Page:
Page 1

Volume 24

Number 17

August 23, 2013

Hospital of the University of Pennsylvania



CAREs Grant Winners Last month, the recipients of Penn Medicine CAREs grants for FY2013 were recognized at a special luncheon. “We are so grateful to work here with such a dedicated, gracious work force who spend an incredible amount of time and effort here at Penn Medicine and choose to pay it forward in our community,” said Judy Schueler, VP, Organizational Development and chief HR officer.

INSIDE The Powerhouses of Pathology...............................2 Outreach Teaches About Health-Care Careers..................2 “Pet the Pooch:” A Great Way to Reduce Strees!.............3 5K for the IOA and Memory Mile Walk....................4

“Many wonderful results have come from your grass roots efforts.” In total, 27 CAREs grants were awarded to employees throughout the Health System. The Penn Medicine CAREs grant program, led jointly by Susan Phillips, senior VP for Public Affairs, and Schueler, represents a joint effort between Public Affairs and Human Resources. It was established to offer institutional support to employees and their community outreach programs in the form of grants. (continued on page 2)

CAREs Grant

WINNERS Congratulations to the next round of winners of a Penn Medicine CAREs grant:

Jamie Shuda

Perelman School of Medicine Penn Academy for Reproductive Services

Kara Cohen

Home Care and Health Services Best Foot Forward

Chiamaka Onwuzurike

Perelman School of Medicine PCPC Women’s Refugee Health Clinic

Mawusi Arnett

Perelman School of Medicine West Philadelphia Wellness Empowerment `` (Above) Attending the luncheon that recognized all of Penn Medicine CAREs grant winners from FY13 were (l. to r.) Caroline Nelson, Karen Wagner, Sheryl Holbitzell, Phannerica Muhammad, and Beauty Averion.

Ellen McPartland

Pennsylvania Hospital Stroke Education Prevention


THE POWERHOUSES OF PATHOLOGY Like superheroes, Larry Kricka, PhD, and Russ Klenk, MEd, lead dual lives. By day, they are, respectively, director of the General Chemistry Lab and a professional lead medical technologist in Pathology & Lab Medicine. But, when not at work, they become men of steel, lifting hundreds of pounds in a single, smooth motion. With Kricka, this alter ego started in 2005, when his wife innocently gave him six sessions with a trainer at the local gym for his birthday. He decided to start lifting again — that’s how he stayed in shape during his days playing rugby — and focused on three types of lifting: squat, bench press, and deadlift. Staying motivated and working with two trainers (Andrew Urion, an Ironman Triathlete, and Brian Fairchild, a former Penn State football player), he slowly worked his way up to his goal of a total lift of 1000 pounds for the three types of power lifts.

`` Pathology’s men of steel (l. to r.): Russ Klenk, David Cardomone and Larry Kricka.

of the Endocrinology Lab]…and the fact that no one else was competing in my age group!”

Reaching this goal five years — “and many protein drinks”— later, Kricka entered an International Powerlifting Association competition, in the ‘Raw Amateur, Master’ category. Lifting a total of 920 pounds in the three different categories, he not only won for his age and body weight class but set new IPA state and world records! A year later, in 2011, he competed again and, lifting a total of 975 pounds, broke all his records.

Klenk was also a lifter from way back. In fact, he briefly competed in weight lifting competitions 30 years ago through the YMCA. Although he stopped competing, Klenk continued to lift. And that would have been the end of it had Kricka not convinced him to enter an IPA powerlifting competition. “I thought it would be fun so I started lifting with a new focus,” he explained. “I adapted my lifts towards increasing the weight rather than focusing on fitness.”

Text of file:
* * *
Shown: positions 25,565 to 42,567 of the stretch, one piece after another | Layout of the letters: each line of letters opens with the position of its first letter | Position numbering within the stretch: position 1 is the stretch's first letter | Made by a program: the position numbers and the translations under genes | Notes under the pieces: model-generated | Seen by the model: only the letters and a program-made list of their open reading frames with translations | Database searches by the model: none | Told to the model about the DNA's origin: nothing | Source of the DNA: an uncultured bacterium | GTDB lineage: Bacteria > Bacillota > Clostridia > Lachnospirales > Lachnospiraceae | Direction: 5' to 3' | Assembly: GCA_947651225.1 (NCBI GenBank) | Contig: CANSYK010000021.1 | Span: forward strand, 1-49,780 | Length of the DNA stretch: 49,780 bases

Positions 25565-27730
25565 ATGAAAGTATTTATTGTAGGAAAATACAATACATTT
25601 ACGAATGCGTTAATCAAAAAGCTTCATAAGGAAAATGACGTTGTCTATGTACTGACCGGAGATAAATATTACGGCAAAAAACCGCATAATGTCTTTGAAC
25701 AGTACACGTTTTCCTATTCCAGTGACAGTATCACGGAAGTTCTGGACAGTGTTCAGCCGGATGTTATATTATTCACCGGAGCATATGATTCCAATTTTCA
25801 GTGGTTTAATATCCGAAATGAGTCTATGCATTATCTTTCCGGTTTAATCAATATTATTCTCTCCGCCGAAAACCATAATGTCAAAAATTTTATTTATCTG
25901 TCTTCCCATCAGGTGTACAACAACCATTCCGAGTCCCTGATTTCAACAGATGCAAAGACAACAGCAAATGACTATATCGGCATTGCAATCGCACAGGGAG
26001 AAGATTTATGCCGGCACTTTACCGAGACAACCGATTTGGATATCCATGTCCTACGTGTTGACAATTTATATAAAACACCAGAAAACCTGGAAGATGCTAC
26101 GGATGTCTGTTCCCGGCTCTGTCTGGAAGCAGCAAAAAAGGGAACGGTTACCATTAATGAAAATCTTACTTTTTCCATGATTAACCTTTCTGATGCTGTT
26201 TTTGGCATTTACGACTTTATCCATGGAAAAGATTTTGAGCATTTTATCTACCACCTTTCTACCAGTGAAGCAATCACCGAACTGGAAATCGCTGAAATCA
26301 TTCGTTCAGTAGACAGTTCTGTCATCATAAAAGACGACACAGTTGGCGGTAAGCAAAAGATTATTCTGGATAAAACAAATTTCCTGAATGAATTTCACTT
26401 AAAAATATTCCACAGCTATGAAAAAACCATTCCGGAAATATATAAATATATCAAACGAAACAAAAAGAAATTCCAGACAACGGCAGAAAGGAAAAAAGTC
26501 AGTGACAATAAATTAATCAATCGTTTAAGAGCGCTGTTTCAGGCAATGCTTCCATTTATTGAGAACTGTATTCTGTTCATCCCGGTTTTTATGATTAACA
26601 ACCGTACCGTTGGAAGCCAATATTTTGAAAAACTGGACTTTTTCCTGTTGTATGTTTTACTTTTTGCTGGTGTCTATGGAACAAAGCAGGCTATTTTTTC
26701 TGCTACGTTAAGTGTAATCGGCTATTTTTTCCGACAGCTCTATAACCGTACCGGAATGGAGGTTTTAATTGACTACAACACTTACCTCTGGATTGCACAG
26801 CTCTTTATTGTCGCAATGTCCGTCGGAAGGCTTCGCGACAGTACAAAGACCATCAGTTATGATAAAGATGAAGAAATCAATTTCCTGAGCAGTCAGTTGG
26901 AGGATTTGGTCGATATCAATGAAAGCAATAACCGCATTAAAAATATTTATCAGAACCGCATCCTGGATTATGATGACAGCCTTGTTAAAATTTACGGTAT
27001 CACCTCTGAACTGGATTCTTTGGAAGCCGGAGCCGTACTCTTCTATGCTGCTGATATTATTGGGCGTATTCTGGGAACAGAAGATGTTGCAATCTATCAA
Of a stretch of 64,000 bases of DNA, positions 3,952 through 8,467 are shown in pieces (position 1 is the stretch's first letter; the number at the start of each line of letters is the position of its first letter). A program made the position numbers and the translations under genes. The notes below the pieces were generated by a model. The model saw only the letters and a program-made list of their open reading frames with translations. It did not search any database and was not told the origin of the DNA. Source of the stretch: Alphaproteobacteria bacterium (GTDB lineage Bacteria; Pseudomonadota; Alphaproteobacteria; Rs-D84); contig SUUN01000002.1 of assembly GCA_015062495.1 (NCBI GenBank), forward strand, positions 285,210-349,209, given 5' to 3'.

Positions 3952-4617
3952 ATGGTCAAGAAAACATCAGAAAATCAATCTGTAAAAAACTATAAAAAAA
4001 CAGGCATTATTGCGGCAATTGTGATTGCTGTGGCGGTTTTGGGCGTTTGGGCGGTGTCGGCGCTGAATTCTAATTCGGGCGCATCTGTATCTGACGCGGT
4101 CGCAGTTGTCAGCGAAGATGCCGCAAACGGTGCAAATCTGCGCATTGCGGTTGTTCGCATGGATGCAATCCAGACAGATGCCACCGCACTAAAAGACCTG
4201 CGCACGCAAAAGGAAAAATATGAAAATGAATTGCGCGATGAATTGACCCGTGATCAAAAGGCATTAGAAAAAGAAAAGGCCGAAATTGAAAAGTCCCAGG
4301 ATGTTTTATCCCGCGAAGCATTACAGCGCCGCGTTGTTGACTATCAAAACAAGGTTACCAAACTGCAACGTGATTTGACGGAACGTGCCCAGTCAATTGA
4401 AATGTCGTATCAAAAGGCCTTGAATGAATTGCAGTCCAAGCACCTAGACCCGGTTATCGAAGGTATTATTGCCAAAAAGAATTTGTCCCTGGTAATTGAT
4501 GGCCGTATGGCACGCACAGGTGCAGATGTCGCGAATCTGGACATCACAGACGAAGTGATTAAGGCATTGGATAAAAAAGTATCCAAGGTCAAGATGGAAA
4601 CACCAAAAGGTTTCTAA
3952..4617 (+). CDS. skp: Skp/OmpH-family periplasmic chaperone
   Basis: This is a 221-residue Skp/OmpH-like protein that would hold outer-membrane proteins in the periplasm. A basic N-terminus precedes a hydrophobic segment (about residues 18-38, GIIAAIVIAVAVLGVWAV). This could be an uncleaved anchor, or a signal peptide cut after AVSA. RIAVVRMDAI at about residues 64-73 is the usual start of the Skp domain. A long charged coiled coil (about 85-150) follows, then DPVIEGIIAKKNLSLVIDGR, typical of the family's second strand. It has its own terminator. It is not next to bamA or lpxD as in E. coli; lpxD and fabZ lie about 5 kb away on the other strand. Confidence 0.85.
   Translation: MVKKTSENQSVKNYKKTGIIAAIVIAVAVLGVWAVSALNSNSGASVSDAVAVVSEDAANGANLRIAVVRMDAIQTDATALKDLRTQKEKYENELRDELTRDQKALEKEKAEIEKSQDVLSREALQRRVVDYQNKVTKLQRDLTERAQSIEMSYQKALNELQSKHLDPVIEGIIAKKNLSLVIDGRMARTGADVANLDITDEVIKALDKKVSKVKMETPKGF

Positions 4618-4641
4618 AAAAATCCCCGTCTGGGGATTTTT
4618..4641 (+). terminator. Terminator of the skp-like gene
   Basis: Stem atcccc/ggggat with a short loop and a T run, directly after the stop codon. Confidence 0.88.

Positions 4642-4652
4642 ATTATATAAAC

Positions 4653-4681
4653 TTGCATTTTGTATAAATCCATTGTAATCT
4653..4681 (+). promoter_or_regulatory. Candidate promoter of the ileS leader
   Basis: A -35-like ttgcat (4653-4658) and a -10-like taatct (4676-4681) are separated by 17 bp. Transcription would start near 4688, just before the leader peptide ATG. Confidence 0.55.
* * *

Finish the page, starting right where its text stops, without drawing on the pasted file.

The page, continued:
Now retired from competition, he said, “I attribute my success to good genes, two outstanding trainers, advice and encouragement from David Cardamone [a former Olympic-style weight lifter, who is lab manager

Last year, he hefted 355 pounds in the IPA deadlift category and won a first place award in his weight and age group. “I owe it all to Larry,” he said laughing. “He was the inspiration behind my success!”

Outreach Teaches about

Health-Care Careers Using funds from a Penn Medicine CAREs grant, Ravdin 9 went to Paul Robeson High School and hosted a fair called ‘Penn Careers in the City.’ Penn participants at the fair ranged from RNs to respiratory therapists and social workers. “We talked with over 100 students about the great things we do every day in our careers,” said Janelle Harris, Unit Council chair, adding that, based on students’ feedback, “it was a complete success!”


Pet the Pooch:

>>> A Great Way to Reduce Stress!

The dog days of summer came early to HUP’s Center for Nursing Renewal as staff welcomed adoptable dogs and kittens from the Pennsylvania Society for the Prevention of Cruelty to Animals. Although therapy dogs are already widely used to help patients, military veterans, and others, this new partnership with SPCA brings these animals in to relieve the anxiety sometimes felt by doctors, nurses, and other staff caring for patients. The mission is two-fold: help these loveable animals find a home and help employees melt away stress while spending a few minutes with the four-legged visitors. The program

is among the first in the country to utilize animals to relieve employee stress. Heather Matthew, MSN, a clinical nurse specialist in the ED, started the program, inspired by HUPs Pups therapy dog program for patients. “They would play with the dogs and it made a huge difference on the stress level and morale in the Emergency Department,” said Matthew. “So, I thought of teaming up with the SPCA to bring them directly to staff.” With support from Victoria L. Rich, PhD, chief nurse executive, AnnMarie Papa, DNP, clinical director of Emergency Nursing, and the SPCA, the project has grown to a regular event at HUP. Seeing early success, Matthew plans to promote this model to other hospitals nation-wide. “Basically, when you take that five-minute break out of your day, the pick-me-up makes all the difference. That animal isn’t judging you, they don’t know that maybe you’ve had to give a family some bad news and your heart is breaking over it,” Matthew said, adding that “there are many medical benefits to owning a pet as well.”